How a Law Student is Breaking into Venture Capital
Madonna Castro Perez, who grew up on Guam, is rising fast in a male-dominated world.
On a humid afternoon in Mānoa, Madonna Castro Perez, a third-year law student, was rushing to get to Fukuya, a traditional Japanese deli. She had insisted on bringing me lunch for our interview because, after all, sharing food is a big part of her life.
In February 2021, Castro Perez became vice chair of the UH student-run venture fund for which I am the chair. Before that, she was part of a team that won the UH Venture Competition. She was a civil rights advocate at the Legal Aid Society of Hawaii, then an intern at Blue Startups, all while attending law school. She is breaking into the clubby, male-dominated world of venture capital – while maintaining a personal style that includes sharing lunch along the way.
Castro Perez grew up in Sinajana, the smallest of the 19 villages on Guam. She was surrounded by her Chamorro family: Her neighbors were aunties and uncles, and her earliest memories were of crossing the street to play with her cousins.
A meal was often the highlight of those days. Her parents grew local fruits and vegetables and some of her older relatives fished, exchanging the bounties among themselves. Every weekend, her auntie hosted a dinner, where 20-30 people gathered to eat.
Wanted to be a Philanthropist
When Castro Perez was 11, she moved to Northern California with her parents; her older brothers and sisters had already moved there for their careers. At that time, she wanted to be a philanthropist, inspired by the documentaries about starving children in Somalia that her mother forced her to watch.
“I was like: ‘Wow, what a cool thing to just give money away,’ ” she says. “But then I was like: ‘Oh wait, I don’t have any money.’ ”
After high school, Castro Perez realized she wanted to better understand Guam and its place in the world. She attended the University of California, San Diego, with a focus on international relations. She graduated in 2006, then continued her education at UH Mānoa, earning a master’s degree in Pacific Islands studies. After that, for 10 years, she worked at Legal Aid Society of Hawaii. In 2019, she enrolled at UH’s Richardson School of Law.
On one of her first days of law school, Castro Perez was late to class. Harley Broyles, a classmate, remembers her entering the classroom, scrambling to find a seat and blurting out Broyles’ name.
“She has an abrupt personality,” Broyles says. “She just comes out of nowhere and is loud, but I love that about her.”
They became best friends, leaning on each other to survive law school. “She’s always the person that I can go to when I’m feeling crappy,” Broyles says.
Won a UH Competition
Improvised conversations help direct Castro Perez’s path forward. At Legal Aid, she would often trade ideas for food businesses with co-worker Christilei Hessler. Eventually, Hessler introduced her to her brother, Peter Hessler, who was running a small coffee syrup business.
Castro Perez wanted to join him in the business. After meeting at an outdoor market at UH, she pushed Peter Hessler to enter the 2020 UH Venture Competition with her. Christilei Hessler also joined the team, and the trio won $10,000 for the business.
That thrust Castro Perez to the forefront of the entrepreneurial ecosystem at UH. Within a few months, she was nominated as vice chair of the student-run Calvin Shindo Student Venture Fund. However, she was new to venture capital, so to learn quickly she talked to leaders of the student-run funds at Cornell and UC San Diego, rented books, and enrolled in relevant courses taught by professors from UC Berkeley and UH.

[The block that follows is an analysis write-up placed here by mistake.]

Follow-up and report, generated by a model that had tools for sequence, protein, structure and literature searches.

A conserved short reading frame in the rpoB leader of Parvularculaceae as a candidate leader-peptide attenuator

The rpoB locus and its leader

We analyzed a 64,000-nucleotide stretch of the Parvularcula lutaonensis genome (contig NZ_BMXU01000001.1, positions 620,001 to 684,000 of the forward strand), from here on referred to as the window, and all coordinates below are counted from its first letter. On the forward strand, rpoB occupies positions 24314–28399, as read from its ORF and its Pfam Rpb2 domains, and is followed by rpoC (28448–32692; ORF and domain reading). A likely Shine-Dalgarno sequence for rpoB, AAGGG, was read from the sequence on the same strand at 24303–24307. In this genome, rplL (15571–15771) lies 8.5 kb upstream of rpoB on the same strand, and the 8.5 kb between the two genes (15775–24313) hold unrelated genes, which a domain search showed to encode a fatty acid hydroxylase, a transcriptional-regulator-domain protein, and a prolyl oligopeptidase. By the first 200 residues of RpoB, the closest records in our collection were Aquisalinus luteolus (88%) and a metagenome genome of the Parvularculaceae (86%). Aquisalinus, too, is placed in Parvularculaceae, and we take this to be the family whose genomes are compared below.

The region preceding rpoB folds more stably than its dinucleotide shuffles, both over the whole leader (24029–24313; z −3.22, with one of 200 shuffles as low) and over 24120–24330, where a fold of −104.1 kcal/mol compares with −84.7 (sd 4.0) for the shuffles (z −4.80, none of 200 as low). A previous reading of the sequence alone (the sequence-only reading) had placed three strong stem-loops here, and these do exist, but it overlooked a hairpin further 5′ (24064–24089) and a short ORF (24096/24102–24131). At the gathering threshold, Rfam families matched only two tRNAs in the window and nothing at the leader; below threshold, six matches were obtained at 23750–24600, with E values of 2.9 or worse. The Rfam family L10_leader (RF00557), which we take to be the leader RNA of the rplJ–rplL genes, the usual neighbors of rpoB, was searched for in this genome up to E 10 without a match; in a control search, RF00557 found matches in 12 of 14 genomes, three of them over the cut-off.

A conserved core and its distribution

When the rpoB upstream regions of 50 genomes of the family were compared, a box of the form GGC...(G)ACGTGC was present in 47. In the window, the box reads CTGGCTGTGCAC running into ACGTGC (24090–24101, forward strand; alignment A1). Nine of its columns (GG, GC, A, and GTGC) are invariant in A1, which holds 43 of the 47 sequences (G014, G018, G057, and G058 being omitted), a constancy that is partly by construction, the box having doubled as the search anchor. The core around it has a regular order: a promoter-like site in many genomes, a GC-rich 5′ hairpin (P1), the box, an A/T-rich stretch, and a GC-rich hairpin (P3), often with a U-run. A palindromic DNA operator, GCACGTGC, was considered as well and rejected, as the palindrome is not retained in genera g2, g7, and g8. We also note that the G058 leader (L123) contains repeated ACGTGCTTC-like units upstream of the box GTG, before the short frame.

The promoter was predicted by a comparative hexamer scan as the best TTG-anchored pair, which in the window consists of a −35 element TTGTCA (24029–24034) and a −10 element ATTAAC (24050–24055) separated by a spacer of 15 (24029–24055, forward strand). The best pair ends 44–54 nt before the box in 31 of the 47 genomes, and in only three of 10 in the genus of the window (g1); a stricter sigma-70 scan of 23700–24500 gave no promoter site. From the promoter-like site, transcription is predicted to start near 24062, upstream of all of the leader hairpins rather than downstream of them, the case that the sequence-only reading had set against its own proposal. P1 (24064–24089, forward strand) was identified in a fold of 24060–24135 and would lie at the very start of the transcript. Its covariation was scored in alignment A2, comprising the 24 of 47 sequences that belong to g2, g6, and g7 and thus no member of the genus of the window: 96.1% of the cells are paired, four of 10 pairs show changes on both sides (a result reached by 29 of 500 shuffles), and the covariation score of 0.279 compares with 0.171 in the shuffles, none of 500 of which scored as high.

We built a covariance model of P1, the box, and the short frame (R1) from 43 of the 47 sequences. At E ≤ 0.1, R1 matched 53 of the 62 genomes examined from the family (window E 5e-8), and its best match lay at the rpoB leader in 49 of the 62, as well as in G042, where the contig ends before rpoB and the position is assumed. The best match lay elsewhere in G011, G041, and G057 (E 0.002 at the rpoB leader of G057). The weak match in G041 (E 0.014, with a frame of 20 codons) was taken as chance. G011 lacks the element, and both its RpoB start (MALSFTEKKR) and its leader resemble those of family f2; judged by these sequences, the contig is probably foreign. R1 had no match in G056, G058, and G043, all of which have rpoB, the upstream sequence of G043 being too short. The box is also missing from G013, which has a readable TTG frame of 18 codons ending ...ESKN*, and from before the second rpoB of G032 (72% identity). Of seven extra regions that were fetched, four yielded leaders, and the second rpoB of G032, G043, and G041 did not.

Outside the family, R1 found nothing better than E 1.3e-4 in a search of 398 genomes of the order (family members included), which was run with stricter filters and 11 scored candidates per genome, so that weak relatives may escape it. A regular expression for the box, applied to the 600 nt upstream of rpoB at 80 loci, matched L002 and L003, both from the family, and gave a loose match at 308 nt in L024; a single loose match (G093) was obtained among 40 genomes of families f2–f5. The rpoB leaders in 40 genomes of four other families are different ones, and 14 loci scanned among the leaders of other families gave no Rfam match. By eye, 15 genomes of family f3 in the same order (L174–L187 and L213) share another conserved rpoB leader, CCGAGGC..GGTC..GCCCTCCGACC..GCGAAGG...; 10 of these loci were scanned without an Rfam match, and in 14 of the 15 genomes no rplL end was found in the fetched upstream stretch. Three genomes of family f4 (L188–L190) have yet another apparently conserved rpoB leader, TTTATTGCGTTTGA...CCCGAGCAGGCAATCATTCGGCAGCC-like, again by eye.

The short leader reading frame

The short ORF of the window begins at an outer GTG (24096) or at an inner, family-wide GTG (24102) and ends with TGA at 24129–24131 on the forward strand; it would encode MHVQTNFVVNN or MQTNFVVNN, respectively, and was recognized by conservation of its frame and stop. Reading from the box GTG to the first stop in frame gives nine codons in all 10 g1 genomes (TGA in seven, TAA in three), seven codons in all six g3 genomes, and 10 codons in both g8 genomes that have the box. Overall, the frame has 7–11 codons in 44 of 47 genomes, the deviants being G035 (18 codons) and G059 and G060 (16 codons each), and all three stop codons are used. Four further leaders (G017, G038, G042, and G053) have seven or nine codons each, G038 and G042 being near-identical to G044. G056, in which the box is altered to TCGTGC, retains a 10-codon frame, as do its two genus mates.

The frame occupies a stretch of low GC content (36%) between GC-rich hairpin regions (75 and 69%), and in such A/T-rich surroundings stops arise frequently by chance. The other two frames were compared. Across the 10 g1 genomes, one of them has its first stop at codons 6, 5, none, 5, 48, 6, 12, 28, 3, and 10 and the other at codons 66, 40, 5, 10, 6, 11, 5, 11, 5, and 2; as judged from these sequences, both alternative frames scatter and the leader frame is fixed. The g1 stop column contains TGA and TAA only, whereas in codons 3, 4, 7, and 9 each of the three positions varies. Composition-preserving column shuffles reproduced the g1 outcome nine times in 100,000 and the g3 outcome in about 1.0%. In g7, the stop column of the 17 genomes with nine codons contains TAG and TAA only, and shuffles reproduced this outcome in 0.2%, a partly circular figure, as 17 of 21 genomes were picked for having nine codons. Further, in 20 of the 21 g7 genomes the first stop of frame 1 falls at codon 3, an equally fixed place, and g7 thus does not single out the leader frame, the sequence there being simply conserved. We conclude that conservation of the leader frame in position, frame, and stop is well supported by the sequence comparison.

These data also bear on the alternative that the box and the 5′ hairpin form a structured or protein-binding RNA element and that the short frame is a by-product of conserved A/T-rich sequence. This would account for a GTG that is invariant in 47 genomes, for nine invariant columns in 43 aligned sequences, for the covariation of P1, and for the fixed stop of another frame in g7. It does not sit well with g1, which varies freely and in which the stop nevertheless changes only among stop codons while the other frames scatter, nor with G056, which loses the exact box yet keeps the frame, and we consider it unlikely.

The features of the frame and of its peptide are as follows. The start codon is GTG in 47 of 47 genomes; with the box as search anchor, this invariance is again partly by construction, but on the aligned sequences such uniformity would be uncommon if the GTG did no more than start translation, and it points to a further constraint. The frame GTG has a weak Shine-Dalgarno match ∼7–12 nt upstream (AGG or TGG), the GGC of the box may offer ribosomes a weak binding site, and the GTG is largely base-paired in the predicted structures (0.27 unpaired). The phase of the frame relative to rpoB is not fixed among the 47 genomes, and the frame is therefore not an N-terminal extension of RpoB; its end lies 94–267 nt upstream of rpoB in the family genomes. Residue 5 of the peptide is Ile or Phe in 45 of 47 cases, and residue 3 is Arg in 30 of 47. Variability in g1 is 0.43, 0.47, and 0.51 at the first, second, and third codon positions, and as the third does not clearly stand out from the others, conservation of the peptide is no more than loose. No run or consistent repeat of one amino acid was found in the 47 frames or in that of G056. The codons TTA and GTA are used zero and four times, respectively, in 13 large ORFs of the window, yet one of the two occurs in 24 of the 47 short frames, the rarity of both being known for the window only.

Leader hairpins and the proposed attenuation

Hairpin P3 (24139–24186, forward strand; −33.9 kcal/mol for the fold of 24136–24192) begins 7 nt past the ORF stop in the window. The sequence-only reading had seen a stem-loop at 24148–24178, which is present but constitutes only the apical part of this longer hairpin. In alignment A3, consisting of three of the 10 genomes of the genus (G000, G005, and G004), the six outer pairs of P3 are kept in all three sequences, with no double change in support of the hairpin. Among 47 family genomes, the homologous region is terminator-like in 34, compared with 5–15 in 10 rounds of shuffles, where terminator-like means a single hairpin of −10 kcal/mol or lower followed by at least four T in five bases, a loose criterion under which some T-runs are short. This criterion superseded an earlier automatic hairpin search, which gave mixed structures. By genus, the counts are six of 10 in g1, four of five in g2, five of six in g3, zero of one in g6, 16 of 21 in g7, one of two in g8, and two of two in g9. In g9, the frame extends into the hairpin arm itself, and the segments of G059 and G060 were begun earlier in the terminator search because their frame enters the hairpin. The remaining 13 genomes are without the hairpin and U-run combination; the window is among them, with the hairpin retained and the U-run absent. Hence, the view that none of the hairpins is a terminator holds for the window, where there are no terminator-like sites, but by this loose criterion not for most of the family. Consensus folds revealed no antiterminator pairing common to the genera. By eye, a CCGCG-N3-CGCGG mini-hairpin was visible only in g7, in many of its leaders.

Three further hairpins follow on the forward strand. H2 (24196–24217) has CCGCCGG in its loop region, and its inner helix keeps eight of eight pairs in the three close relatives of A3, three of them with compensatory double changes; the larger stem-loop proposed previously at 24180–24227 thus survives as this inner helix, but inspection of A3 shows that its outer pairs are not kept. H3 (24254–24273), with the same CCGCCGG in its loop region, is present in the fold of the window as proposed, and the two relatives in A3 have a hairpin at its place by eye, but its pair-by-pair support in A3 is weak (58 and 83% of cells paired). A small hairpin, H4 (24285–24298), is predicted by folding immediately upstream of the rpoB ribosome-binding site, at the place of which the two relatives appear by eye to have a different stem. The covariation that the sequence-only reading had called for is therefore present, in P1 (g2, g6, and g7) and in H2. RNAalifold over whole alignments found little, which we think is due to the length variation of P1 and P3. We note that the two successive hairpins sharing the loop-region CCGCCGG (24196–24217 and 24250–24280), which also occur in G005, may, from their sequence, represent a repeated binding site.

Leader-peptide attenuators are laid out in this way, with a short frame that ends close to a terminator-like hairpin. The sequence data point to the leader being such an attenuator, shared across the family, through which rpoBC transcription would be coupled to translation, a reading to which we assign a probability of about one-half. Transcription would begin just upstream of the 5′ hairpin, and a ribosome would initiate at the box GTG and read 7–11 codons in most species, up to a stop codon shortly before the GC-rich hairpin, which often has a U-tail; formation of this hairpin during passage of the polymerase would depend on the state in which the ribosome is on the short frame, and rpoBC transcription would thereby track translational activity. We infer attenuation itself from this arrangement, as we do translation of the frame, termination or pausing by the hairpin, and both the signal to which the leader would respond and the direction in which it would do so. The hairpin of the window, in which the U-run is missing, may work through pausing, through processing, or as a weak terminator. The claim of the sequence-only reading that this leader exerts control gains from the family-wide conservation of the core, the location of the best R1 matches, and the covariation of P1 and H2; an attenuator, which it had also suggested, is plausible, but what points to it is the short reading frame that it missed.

During the summer of 2021, she interned at Blue Startups, an accelerator based in downtown Honolulu. She screened applicants and enrolled in the apprenticeship program, which allowed her to work with startups in that year’s cohort.
Austin Yoshino, one of the founders she worked with, says her “brain is very structured and operational thinking … Every week I’ll run things by her and have her poke holes, and she’ll be like: ‘What about this? How about this? What about that?’ ”
Despite her quick ascent, Lada Rasochova, a UC San Diego professor, reminded her that being a woman puts her at a disadvantage. For instance, investors repeatedly rejected Rasochova while she was trying to raise capital for her startup because, the professor said, they did not perceive her as serious.
“I question that sometimes,” Castro Perez says. “Why are there not a lot of women involved in venture capital?”
Some progress has been made. There were fewer than 100 female angel investors in the U.S. as late as 2010, according to a report by Pitchbook. But over the last decade, the number of active female angels grew tenfold, and the number of female general partners at venture firms has risen by about 3.5% since 2019, the report says.
Interested in Food Tech and Ag Tech
Castro Perez hopes to work in venture capital law after passing the bar exam. She says she would like to join a firm, either in Hawaiʻi or California, that specializes in venture capital law. At some point, she wants to start her own fund, focusing on food tech and ag tech.
On the day of our interview, she has a theoretical investment thesis for a firm she named “Pepitas Capital.” It’s loaded with statistics about the food market, but her overall investment ethos is to lower the cost of food production to make it more accessible to everyone.
She looks at her plate, then back at me. “Food is life,” she says.